South African national muay thai champion Gorman offers a concise introduction to this martial art.
Muay thai is one of the lesser-known martial arts, but with the rise of mixed martial arts and other “ring” martial arts, it is sure to gain in popularity—especially, Gorman notes with a measure of pride and caution, since it “is renowned as the world’s most brutal ring sport.” There is little doubt that Gorman revels in both the challenge and the more ethereal aspects of the sport, bringing forth its almost meditative aspects—composure, balance, calmness, breathing—and its sheer physicality: “He nearly knocked me down in the first twenty seconds, hitting me with a straight punch to the face….It was a bit of a surreal experience.” Gorman succeeds in giving readers a rounded sense of the sport, underlining the importance of discipline, commitment and respect—qualities that can’t help but be of benefit in all walks of life—as well as general body strengthening, weight loss, and the joy that comes with being intensely in the moment. For a primer without pictures, Gorman does a yeoman’s job explaining stances, punches, kicks, elbows (“Elbows were taken out of some forms of fighting, because they are considered deadly weapons”—but not out of muay thai), knees and clinches that can be easily, perhaps painfully visualized: “Muay Thai kicking is renowned as extremely dangerous, because we kick our opponents with the bones of our shins,” “Elbows are devastating,” and “a knee to the head will most likely end a fight.” Through all the mayhem, Gorman never loses sight of the fun he’s having, with one eye on the beauty of an ancient art form and the other making sure his chin is down and his hands are up.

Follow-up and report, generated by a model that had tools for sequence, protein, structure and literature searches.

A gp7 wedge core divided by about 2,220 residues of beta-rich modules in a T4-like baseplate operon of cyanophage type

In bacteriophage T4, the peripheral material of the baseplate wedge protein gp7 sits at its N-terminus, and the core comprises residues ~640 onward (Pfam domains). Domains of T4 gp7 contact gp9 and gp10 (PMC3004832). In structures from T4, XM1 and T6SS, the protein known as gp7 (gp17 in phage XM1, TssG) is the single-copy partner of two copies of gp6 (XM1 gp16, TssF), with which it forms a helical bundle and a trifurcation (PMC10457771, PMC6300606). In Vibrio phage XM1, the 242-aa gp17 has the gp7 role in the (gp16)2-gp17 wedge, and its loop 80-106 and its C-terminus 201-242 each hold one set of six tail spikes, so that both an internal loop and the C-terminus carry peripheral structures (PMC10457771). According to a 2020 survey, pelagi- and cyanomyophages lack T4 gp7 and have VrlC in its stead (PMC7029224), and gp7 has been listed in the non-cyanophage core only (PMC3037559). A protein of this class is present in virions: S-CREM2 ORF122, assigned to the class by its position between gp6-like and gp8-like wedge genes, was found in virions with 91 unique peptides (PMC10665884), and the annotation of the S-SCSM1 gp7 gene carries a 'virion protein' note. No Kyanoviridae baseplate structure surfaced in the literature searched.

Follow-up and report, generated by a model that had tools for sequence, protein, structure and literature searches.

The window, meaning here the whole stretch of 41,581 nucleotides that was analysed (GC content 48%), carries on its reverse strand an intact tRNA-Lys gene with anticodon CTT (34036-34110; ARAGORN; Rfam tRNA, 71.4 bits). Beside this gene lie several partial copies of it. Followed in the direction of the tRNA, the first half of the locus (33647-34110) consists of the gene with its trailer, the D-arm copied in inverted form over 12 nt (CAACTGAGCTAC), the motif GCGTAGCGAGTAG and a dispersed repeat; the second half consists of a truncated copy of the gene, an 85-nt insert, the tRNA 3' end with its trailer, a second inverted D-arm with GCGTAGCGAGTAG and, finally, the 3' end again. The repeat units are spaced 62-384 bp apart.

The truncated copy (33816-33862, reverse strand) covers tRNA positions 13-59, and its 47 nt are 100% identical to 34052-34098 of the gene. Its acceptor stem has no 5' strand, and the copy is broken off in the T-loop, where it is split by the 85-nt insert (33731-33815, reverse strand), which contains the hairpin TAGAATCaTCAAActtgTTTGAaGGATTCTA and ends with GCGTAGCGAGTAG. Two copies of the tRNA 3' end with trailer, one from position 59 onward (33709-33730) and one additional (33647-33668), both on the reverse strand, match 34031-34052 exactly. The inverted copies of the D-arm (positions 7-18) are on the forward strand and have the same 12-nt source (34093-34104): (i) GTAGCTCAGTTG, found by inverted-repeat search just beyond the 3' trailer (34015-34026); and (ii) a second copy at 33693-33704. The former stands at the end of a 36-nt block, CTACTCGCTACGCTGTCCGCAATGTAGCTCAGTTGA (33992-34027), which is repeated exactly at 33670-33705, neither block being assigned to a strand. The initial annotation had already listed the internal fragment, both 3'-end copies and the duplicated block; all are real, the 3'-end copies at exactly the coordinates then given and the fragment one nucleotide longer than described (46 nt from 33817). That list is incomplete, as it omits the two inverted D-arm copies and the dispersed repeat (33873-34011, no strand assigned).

A snappy little handbook that could easily lead to deeper involvement in the sport.
Privately published by Strunk of Cornell in 1918 and revised by his student E. B. White in 1959, that "little book" is back again with more White updatings.
Stricter than, say, Bergen Evans or W3 ("disinterested" means impartial — period), Strunk is in the last analysis (whoops — "A bankrupt expression") a unique guide (which means "without like or equal").
This early reader is an excellent introduction to the March on Washington in 1963 and the important role in the march played by Martin Luther King Jr. Ruffin gives the book a good, dramatic start: “August 28, 1963. It is a hot summer day in Washington, D.C. More than 250,00 people are pouring into the city.” They have come to protest the treatment of African-Americans here in the US. With stirring original artwork mixed with photographs of the events (and the segregationist policies in the South, such as separate drinking fountains and entrances to public buildings), Ruffin writes of how an end to slavery didn’t mark true equality and that these rights had to be fought for—through marches and sit-ins and words, particularly those of Dr. King, and particularly on that fateful day in Washington. Within a year the Civil Rights Act of 1964 had been passed: “It does not change everything. But it is a beginning.” Lots of visual cues will help new readers through the fairly simple text, but it is the power of the story that will keep them turning the pages. (Easy reader. 6-8)